By Scott Tibbs, May 6, 2009
Some Christian denominations teach that speaking in tongues is a requires sign of salvation, and unless someone speaks in tongues he is not saved. But is this assertion Biblical? As with all questions of Christian doctrine, we must consult the foundational document of the Christian faith, the Bible. One of the Scriptures used as evidence for the tongues theory is below:
And these signs shall follow them that believe; In my name shall they cast out devils; they shall speak with new tongues; They shall take up serpents; and if they drink any deadly thing, it shall not hurt them; they shall lay hands on the sick, and they shall recover.
The problem with using this passage is that all Christians have clearly not been given all of these gifts. If a Christian went to his kitchen and started drinking Drano, would he be assured that he would not be harmed? Clearly, God can perform miracles and protect His followers from things that would normally be harmful or deadly, but he will not do so each and every time. That's why most Christians would consider it foolish to make a statement of faith by drinking Drano or some other toxic substance. Not all Christians receive all spiritual gifts.
And one of the malefactors which were hanged railed on him, saying, If thou be Christ, save thyself and us. But the other answering rebuked him, saying, Dost not thou fear God, seeing thou art in the same condemnation? And we indeed justly; for we receive the due reward of our deeds: but this man hath done nothing amiss. And he said unto Jesus, Lord, remember me when thou comest into thy kingdom. And Jesus said unto him, Verily I say unto thee, Today shalt thou be with me in paradise.
In the above example, the thief on the Cross is not recorded as showing that he received the Holy Ghost by speaking in tongues. He is not baptized either. What does happen is that he has faith in Jesus Christ even as He is dying on the cross, and he is redeemed by the Savior as a result.
1 Corinthians 12 is probably the most direct refutation that all Christians are required to speak in tongues. See verses 4-6 and 14-18 below:
|1 Corinthians 12:4-6|
Now there are diversities of gifts, but the same Spirit. And there are differences of administrations, but the same Lord. And there are diversities of operations, but it is the same God which worketh all in all.
|1 Corinthians 12:14-18|
For the body is not one member, but many. If the foot shall say, Because I am not the hand, I am not of the body; is it therefore not of the body? And if the ear shall say, Because I am not the eye, I am not of the body; is it therefore not of the body? If the whole body were an eye, where were the hearing? If the whole were hearing, where were the smelling? But now hath God set the members every one of them in the body, as it hath pleased him.
God has given each of us spiritual gifts, but not all of us have the same gifts. God explains it perfectly through His servant Paul, that each part of our bodies may be different, but all are necessary and created by God for His purpose. Along the same lines, God has given those in His church different spiritual gifts. Some have discernment, some can counsel people who struggle with sin, some can preach and teach, and some are called to mercy. Whether someone is preaching to the congregation on Sunday mornings or cleaning the church's bathrooms when no one is around, all serve the church in different ways.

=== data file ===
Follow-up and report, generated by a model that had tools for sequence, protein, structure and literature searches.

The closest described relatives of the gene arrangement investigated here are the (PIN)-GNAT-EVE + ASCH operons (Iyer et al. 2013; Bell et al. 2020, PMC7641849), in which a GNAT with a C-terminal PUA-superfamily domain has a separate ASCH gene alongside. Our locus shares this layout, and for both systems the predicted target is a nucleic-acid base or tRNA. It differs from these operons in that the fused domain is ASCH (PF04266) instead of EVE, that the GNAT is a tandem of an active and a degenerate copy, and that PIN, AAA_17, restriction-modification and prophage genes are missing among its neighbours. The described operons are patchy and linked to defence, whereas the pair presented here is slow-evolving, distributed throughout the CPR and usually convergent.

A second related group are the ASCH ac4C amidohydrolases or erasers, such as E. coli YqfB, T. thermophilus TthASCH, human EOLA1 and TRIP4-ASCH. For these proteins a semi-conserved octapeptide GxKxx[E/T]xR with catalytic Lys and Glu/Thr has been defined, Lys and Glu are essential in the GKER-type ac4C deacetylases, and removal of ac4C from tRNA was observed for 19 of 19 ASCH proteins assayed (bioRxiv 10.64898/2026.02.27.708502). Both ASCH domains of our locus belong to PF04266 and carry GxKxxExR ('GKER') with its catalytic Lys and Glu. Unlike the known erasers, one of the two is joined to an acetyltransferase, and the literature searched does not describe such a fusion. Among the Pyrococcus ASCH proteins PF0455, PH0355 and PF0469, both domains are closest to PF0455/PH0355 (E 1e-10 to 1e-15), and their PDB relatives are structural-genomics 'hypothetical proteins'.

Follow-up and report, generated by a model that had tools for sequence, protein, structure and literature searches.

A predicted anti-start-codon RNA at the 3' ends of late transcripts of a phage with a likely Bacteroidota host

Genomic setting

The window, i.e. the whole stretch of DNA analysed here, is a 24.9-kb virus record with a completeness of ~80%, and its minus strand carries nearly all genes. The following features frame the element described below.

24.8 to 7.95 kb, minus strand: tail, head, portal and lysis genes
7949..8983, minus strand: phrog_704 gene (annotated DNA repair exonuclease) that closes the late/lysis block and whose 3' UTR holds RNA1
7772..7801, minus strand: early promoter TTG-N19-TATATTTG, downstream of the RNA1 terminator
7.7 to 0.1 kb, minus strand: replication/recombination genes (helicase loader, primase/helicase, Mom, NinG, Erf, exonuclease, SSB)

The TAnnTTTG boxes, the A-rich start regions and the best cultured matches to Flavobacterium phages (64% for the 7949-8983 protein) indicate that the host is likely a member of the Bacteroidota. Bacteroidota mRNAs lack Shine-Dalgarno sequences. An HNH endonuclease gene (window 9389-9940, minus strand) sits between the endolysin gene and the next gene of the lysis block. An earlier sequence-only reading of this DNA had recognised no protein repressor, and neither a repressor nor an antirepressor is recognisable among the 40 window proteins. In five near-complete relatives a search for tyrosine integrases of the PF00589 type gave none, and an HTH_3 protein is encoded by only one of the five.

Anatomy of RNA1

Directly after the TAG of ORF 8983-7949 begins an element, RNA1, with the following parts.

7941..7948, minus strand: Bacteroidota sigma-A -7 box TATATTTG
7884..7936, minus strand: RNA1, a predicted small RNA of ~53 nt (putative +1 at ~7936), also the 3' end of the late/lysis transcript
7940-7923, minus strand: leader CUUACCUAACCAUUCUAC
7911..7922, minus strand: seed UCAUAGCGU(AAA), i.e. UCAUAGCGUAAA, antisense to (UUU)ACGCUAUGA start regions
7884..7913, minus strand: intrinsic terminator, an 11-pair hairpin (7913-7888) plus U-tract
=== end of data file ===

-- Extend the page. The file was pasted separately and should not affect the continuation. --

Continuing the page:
|1 Corinthians 12:27-30|
Now ye are the body of Christ, and members in particular. And God hath set some in the church, first apostles, secondarily prophets, thirdly teachers, after that miracles, then gifts of healings, helps, governments, diversities of tongues. Are all apostles? are all prophets? are all teachers? are all workers of miracles? Have all the gifts of healing? do all speak with tongues? do all interpret?
The questions Paul asks in verses 27-30 are rhetorical, meant to draw the answer of "no" from the Corinthians reading the letter. Clearly, not all are apostles, Not everyone works miracles or heals the sick, and not everyone speaks in tongues. In fact, there are a number of instances in the book of Acts where people are saved but are not recorded as speaking in tongues, such as the people saved and added to the church on Acts 2, the Philipian jailer in Acts 16:30-34 and the Ethiopian eunuch in Acts 8:27-39. So why does God give the gift of tongues? See below:
While Peter yet spake these words, the Holy Ghost fell on all them which heard the word. And they of the circumcision which believed were astonished, as many as came with Peter, because that on the Gentiles also was poured out the gift of the Holy Ghost. For they heard them speak with tongues, and magnify God. Then answered Peter, Can any man forbid water, that these should not be baptized, which have received the Holy Ghost as well as we?
The Jews were amazed by this miracle, and Paul explains the purpose:
|1 Corinthians 14:22|
Wherefore tongues are for a sign, not to them that believe, but to them that believe not: but prophesying serveth not for them that believe not, but for them which believe.
As Paul explains, this was to be a sign to unbelievers so that they will accept Christ.
One thing that we as Christians need to be careful of is attaching something we have done to our salvation, as if we could have done anything to atone for the blood guilt we have and escape the punishment we so richly deserve. Salvation is not because of what we have done, and that cannot be because we are completely unworthy of God's unmerited grace. As Ephesians 2:8-9 teaches, salvation is by grace through faith, not of anything we have done. Being powerless to obtain favor in God's sight is incredibly liberating because we know that any righteousness we have is His gift. He has already won the battle and all we have to do is trust and obey.